Which Stocks Can Keep Up A Winning Streak?


It's been a volatile year, and the markets show no signs of calming down. Morningstar analyst John Coumarianos has been picking his way through this year's winners, looking for those that are likely to keep winning, like Alcoa.

"Alcoa had a terrific year," he told CNBC. "We think it still has room to run, however."
He pointed out that Alcoa owns 24 percent of the world's reserves of bauxite, the essential ingredient of aluminum. He sees demand for aluminum growing, and calls the stock a bargain and "a terrific long-term holding."

With the world ready to pop the cork on another holiday season, Coumarianos also likes Diageo, the world's largest producer of spirits. The owner of such brands as Johnnie Walker Scotch and Tanqueray Gin has "a terrific distribution network in the United States,"and although sales are expected to be flat in Europe, we forecast very good growth in Asia for the firm."

He sees eBay as a company with a high stock price that's capable of going higher.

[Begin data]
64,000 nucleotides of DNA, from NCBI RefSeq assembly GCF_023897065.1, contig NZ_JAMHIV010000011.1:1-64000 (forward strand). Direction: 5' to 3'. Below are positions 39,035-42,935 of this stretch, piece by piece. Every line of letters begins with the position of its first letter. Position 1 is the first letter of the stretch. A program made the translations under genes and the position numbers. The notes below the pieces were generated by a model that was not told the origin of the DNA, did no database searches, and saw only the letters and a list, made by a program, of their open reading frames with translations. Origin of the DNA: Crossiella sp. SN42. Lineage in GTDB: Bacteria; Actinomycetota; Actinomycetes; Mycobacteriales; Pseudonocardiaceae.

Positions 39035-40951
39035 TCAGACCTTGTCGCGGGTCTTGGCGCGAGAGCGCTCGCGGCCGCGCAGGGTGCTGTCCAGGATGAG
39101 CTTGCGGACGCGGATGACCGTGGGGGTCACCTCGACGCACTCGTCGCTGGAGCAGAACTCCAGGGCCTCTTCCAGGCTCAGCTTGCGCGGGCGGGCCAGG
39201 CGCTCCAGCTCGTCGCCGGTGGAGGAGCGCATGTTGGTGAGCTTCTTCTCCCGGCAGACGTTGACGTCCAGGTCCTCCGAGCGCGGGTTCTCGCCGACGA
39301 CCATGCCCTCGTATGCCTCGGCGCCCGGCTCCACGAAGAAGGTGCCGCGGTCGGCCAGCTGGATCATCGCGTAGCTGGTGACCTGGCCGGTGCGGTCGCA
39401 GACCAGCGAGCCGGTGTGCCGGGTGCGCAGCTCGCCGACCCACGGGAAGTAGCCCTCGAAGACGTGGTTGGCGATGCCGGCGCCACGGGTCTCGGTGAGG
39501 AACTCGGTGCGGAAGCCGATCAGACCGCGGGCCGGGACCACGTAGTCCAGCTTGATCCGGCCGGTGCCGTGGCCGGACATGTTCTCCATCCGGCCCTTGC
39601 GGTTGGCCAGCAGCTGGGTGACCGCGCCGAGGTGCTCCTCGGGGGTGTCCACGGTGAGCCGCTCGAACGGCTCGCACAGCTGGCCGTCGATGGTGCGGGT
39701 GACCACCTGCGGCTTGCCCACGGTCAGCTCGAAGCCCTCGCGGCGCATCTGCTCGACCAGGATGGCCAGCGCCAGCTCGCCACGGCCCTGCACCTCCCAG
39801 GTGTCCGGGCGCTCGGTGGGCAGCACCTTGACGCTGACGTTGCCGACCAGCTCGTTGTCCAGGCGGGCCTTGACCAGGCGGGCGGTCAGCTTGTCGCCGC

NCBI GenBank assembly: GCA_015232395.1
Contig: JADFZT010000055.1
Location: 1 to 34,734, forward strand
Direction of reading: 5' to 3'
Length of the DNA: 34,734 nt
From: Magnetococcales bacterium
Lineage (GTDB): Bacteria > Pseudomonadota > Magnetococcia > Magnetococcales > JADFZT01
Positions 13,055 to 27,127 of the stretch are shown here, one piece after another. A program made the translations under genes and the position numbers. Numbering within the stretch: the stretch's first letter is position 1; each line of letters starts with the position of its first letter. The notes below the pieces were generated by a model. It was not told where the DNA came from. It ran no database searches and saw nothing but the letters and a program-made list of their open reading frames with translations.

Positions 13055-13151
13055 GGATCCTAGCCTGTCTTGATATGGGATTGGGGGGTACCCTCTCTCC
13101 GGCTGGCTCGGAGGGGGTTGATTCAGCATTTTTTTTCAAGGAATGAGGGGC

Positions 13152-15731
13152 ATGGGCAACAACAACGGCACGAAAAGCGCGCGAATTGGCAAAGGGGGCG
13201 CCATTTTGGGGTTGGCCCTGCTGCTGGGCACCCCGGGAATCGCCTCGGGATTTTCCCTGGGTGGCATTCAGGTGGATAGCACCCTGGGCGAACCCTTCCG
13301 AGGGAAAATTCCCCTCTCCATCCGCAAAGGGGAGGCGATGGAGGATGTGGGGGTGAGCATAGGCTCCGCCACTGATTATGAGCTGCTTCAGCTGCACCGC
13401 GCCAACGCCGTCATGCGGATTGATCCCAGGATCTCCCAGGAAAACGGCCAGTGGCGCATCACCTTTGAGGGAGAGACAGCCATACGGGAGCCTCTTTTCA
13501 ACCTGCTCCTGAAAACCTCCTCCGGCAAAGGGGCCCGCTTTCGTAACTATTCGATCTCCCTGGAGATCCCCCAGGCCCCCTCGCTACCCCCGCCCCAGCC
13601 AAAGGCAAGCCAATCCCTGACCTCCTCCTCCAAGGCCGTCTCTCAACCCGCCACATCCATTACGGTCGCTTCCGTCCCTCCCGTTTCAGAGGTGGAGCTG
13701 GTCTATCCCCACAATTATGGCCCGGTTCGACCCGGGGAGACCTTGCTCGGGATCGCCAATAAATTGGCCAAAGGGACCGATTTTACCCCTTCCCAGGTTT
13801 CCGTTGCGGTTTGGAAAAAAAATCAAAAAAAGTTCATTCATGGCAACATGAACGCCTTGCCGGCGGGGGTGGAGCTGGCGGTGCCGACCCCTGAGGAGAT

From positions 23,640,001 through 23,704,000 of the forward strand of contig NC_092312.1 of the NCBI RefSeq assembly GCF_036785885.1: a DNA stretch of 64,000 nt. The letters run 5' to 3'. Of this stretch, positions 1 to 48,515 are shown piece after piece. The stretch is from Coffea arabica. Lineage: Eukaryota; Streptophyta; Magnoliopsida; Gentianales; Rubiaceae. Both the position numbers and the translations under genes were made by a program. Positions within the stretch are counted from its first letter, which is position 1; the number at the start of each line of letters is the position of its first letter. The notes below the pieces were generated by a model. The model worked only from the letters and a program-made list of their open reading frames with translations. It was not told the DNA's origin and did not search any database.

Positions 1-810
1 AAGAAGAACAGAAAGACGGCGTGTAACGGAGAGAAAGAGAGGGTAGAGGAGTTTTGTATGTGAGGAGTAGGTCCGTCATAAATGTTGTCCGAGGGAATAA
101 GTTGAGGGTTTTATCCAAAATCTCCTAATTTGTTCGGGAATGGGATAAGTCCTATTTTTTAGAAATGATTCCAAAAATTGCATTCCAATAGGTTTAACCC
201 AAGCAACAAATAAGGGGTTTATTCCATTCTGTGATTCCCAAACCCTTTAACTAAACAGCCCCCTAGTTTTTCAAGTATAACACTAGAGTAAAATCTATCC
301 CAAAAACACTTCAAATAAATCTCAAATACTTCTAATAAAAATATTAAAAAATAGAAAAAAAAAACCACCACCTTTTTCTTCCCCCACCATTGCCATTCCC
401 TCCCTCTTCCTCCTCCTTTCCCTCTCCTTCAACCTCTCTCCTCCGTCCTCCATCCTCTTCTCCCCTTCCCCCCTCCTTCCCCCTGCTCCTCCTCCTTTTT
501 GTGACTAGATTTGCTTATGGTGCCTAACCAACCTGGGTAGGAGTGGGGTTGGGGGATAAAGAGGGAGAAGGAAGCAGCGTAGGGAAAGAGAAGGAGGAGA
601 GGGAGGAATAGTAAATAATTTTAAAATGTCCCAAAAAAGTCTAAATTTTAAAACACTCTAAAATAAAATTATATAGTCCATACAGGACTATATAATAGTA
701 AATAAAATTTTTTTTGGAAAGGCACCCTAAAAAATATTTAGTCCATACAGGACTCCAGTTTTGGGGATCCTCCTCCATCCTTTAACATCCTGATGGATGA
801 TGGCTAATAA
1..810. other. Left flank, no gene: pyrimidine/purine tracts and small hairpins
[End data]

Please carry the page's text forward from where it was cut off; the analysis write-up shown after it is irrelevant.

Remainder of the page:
"If you're a buyer, you've got to go there, because that's where the sellers are; if you're a seller, you've got to go there because that's where the buyers are," he said.
Borrowing a phrase from Warren Buffett, he called eBay a "wide-moat company...a company with a great competitive advantage."

Coumarianos is cautious about Celgene. He sees the $2.9 billion the company paid for Pharmion this week as a very high price.

"We don't dislike the business," he told CNBC, "We just think it's worth less than what it's trading for now."


Tech darling Research In Motion gets a thumbs-down from Coumarianos though because "they are facing some competition, and we just think the future profits don't justify the current price."

Great advantages, like Research In Motion being the first in its field, are no guarantee of future performance he said, and that goes for diamond merchant Blue Nile as well, even with the holidays ahead.

"We actually love this business," he said. "Blue Nile has what we call a 'negative cash conversion cycle.' It's a very fancy way of saying they collect money from their customers before they have to go out and buy their diamonds, so they don't have to own inventory. It's truly an amazing thing for a business to be able to do that; however, we just think the stock has gotten ahead of itself."

Coumarianos owns Diageo, but none of the others.